In late October 2011, Hiroko Tabuchi wrote in the New York Times: A nuclear reactor in western Japan began starting back up after a month’s hiatus, the first reactor in the country closed for any reason to win approval from a local government to resume operations since the Fukushima nuclear disaster. The Genkai Nuclear Power Plant in Saga Prefecture was the first to win approval from a local government to resume operations since the Fukushima nuclear disaster. [Source: Hiroko Tabuchi, New York Times, November 1, 2011]

Since the March 11 earthquake and tsunami that set off the nuclear disaster, a popular backlash against nuclear power has halted the reopening of reactors closed because of damage at the time or unrelated glitches, or for routine inspections. Regulations require reactors to close at least every 13 months for checks, meaning more and more reactors have gone out of service, with none allowed to restart — until the one in Saga did.

The government has been keen to soothe local jitters about nuclear energy and enable reactor restarts. But power companies must submit results of “stress tests” that evaluate a reactor’s defenses against earthquakes, tsunamis, station blackouts and the loss of water for cooling — and they must get a go-ahead from local the government.

Yasushi Furukawa, the governor of Saga Prefecture, has wavered on whether to allow restarting two idle reactors at the Genkai Nuclear Power Plant. Seen as a bellwether for the rest of Japan, Mr. Furukawa had appeared to be moving toward allowing two of the reactors to restart but his decision was put off after revelations of a scandal over faked supportive e-mails sent by employees of the local Kyushu Electric Power Company posing as pro-nuclear citizens.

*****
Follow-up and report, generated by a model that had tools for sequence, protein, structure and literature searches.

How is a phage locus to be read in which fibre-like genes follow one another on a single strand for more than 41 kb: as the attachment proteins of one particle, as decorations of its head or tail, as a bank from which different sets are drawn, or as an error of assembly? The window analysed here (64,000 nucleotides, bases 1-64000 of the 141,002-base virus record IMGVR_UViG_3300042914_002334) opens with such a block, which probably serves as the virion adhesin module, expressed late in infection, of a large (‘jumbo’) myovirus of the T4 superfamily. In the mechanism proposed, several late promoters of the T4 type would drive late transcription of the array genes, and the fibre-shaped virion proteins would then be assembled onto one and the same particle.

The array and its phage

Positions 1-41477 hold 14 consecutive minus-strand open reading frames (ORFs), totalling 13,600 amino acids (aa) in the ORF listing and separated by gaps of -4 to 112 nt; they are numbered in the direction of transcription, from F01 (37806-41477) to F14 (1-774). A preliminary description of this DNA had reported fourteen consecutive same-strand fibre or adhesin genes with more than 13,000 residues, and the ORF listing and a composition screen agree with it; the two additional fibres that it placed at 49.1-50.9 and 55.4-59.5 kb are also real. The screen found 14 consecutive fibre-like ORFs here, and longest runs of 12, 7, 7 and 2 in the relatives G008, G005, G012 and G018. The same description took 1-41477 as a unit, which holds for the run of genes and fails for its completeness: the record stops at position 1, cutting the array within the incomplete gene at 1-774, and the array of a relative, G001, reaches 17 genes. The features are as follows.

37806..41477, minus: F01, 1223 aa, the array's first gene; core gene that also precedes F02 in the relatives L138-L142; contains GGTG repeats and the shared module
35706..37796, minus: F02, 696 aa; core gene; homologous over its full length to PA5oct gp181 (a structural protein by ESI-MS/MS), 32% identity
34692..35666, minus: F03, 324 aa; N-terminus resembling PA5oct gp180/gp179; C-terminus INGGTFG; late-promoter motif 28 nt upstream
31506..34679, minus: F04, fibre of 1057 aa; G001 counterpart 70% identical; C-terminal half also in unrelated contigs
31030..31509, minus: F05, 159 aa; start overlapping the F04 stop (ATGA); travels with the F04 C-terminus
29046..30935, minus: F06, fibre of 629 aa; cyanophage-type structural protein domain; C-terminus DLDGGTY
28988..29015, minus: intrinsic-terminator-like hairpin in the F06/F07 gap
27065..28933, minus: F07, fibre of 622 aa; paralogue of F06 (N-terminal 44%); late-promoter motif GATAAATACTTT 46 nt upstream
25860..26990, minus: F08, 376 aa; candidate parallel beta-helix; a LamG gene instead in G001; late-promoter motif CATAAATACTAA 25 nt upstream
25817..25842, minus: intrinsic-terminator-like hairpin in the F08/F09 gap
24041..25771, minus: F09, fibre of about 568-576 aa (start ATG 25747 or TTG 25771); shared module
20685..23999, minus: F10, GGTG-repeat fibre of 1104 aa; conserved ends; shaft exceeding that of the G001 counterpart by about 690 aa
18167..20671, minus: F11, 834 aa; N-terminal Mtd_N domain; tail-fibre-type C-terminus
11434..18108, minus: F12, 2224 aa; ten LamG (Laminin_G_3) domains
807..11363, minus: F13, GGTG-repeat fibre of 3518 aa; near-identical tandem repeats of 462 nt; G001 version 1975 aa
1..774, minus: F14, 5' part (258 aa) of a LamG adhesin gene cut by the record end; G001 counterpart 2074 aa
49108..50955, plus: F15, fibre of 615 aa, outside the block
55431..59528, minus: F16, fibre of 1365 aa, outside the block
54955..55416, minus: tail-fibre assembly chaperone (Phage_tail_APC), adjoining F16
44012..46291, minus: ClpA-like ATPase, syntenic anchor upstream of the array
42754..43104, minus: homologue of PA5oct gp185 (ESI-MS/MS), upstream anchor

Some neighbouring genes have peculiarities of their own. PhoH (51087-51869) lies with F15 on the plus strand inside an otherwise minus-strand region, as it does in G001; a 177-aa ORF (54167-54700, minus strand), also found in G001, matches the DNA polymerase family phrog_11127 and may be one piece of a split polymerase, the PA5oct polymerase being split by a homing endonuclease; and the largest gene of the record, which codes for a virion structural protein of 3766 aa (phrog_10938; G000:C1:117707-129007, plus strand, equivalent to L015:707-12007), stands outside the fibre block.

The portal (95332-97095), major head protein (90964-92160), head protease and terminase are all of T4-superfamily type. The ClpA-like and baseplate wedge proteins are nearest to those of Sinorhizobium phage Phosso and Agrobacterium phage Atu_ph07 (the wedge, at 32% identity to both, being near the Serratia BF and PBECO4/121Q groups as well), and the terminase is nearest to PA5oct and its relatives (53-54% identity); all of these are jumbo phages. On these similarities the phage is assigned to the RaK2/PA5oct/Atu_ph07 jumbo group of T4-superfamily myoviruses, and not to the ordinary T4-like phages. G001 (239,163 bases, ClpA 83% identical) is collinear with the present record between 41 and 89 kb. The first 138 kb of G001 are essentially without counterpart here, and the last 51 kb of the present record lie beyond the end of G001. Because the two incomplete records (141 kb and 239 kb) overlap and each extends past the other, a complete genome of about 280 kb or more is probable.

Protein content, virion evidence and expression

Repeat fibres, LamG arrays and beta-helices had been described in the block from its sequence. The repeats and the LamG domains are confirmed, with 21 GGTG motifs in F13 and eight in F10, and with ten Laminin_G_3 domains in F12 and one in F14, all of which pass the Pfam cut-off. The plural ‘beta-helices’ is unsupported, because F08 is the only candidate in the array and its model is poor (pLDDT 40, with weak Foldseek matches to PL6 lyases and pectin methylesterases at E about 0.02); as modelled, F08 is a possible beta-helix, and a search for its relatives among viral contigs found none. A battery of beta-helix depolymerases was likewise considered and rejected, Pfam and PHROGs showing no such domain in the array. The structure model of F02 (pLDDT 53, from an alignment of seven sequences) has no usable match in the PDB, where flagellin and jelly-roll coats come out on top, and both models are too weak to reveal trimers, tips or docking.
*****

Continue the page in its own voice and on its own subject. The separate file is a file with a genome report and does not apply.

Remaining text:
Then early last month, a third reactor shut down at Genkai after a worker mistakenly pulled out a cable from the unit’s condenser vacuum, causing the turbine to stop. The full details of the case have not been made public. Kyushu Electric called it a small error and said that the automatic shutdown it triggered had gone smoothly. But some critics warned that the episode constituted a serious safety lapse and pointed to a more widespread problem at other plants. Since then, however, the utility has submitted — and Japan’s nuclear regulators have checked and approved — operation manuals for that reactor, paving the way for a restart.